The new option is a bit of a double-edged sword.  Its benefits include faster travel times by sticking to the freeway, cheaper costs with a shorter guideway, fewer business displacements by avoiding the neighborhood, and higher ridership– the caveat being that this is nothing more than Overlake’s own version of the Vision Line.  Even with the long walkway aside, you’re still poaching riders from other stations further out, catering to commuters and not transit-dependent populations, and missing out on what could be a good walkshed in a neighborhood that has already seen partiality to TOD.

I think the real success of East Link comes down to how useful the system will be and for whom.  If its a choice between a faster, less-accessible commuter-oriented line and a slower line with better coverage for all-day transit users, then I’ll pick the latter.  Sticking too much to the freeway really starts muddling the gap with mere high-capacity express service, and that’s not something the voters had in mind with ST2.

17 Replies to “Not much from East Link Supplement DEIS”

  1. Bypassing downtown Bellevue would be a terrible option in all respects, other than perhaps the cost of getting through heavily-developed areas.

  2. I don’t think it’s accurate to equate the Overlake Village bypass to C14E. Currently, there is not much TOD potential in Overlake Village. If the station were on 520 it would allow a connection over the 36th St bridge to areas on 148th. Overlake Village would be a 5 or so minute walk, but the area beyond Overlake Village which would not be served as well by the freeway station are low density strip malls and the old Group Health complex. The freeway station serves the West side of 520 residential areas and the southern part of Microsoft better, connections to Rapid Ride B area a wash. The only bus connection which would be adversely affected would be the 249 to West Lake Sammamish and 269 towards Issaquah, but they could transfer at the Overlake Transit Center anyway.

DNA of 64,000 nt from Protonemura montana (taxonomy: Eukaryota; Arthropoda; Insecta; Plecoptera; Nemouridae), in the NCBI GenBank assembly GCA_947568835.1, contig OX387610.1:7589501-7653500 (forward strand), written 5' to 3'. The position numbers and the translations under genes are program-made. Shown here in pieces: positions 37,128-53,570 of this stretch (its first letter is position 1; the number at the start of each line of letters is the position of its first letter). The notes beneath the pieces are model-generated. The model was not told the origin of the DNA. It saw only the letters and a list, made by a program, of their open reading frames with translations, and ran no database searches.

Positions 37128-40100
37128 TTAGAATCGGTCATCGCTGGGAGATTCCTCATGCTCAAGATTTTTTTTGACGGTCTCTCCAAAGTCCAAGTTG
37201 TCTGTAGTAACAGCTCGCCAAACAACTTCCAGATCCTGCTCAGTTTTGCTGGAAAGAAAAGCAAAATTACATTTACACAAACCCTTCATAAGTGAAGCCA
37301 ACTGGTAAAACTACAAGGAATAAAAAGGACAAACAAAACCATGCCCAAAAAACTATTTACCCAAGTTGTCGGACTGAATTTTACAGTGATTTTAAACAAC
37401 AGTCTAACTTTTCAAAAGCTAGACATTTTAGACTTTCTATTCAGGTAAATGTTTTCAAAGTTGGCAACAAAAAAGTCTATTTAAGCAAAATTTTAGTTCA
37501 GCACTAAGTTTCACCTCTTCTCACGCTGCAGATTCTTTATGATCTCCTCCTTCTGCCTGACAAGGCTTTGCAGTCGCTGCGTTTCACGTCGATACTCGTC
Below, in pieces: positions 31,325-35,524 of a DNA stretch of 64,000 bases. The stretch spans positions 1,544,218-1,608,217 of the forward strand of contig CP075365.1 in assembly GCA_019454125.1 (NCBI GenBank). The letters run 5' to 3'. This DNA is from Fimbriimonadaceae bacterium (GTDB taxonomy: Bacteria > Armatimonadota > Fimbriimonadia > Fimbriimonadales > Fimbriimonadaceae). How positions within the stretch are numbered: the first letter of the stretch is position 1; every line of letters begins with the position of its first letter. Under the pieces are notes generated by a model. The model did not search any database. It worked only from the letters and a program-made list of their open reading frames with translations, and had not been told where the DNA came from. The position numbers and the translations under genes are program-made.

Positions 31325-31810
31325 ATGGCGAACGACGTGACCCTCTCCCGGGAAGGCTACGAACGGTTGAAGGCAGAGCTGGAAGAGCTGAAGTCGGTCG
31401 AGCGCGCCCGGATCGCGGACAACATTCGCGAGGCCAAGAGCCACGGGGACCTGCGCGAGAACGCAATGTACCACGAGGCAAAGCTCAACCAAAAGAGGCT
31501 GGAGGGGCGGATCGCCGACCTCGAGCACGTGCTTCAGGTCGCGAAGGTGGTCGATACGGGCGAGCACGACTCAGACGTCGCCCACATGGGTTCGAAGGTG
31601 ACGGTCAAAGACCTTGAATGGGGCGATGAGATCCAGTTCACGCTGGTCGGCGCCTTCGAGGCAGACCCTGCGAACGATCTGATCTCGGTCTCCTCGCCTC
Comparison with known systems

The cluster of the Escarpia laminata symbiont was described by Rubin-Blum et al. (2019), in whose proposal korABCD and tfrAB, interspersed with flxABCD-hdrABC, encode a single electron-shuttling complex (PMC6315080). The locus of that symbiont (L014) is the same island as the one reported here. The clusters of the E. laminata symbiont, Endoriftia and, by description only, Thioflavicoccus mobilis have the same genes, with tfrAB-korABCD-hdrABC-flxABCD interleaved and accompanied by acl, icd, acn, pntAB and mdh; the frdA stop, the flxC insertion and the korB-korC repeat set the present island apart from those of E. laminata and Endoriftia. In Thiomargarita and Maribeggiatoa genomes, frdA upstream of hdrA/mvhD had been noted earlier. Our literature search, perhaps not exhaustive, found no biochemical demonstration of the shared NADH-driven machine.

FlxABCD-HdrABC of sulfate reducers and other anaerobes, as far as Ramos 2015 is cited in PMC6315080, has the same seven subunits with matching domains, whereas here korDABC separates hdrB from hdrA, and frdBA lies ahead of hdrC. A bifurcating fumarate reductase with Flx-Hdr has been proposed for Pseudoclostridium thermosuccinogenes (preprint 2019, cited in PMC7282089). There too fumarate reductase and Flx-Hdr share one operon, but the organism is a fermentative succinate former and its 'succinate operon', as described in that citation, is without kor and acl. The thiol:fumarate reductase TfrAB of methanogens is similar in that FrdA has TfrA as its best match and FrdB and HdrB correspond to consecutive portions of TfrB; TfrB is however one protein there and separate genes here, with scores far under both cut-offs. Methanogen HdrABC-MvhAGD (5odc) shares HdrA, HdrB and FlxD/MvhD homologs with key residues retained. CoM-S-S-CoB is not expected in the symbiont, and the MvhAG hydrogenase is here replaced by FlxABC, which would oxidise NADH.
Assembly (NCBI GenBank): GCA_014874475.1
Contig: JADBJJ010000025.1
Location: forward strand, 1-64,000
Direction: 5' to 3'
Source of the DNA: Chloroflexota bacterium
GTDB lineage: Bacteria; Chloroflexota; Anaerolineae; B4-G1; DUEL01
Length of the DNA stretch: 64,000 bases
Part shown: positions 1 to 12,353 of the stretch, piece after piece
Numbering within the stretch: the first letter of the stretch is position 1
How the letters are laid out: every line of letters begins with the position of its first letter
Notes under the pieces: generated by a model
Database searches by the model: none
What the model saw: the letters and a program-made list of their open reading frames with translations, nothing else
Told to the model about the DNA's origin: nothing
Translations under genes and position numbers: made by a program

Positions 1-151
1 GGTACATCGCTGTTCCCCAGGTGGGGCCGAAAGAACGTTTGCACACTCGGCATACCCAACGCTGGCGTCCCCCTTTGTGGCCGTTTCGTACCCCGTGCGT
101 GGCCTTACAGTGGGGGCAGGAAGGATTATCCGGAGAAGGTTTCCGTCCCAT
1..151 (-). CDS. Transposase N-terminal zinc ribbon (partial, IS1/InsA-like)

Are there any tradeoffs to the 520 routing at Overlake Village I missed?

    1. I tend to agree. The 520 location for the Overlake Village station is not bad. The only downside I see is that it is very close to the Overlake TC station. It shouldn’t take more than fifteen minutes to walk between them.

      1. How about shifting the station closer to 148th Ave NE so that it can provide transfer to a bus route along 148th, while being closer to much of the Overlake area all of which has the potential for TOD develoment over time.

      2. As I understand it Link will be elevated over 148th and the current station plan is as close as they can put it. It’s really not very far away since the new 32nd/36th overpass will be right there. It’ll also be a pretty easy walk over to 156th, although most people would opt to just use Overlake TC instead. If only they could do away with the obscene cloverleafs to 148th that eat up two city blocks.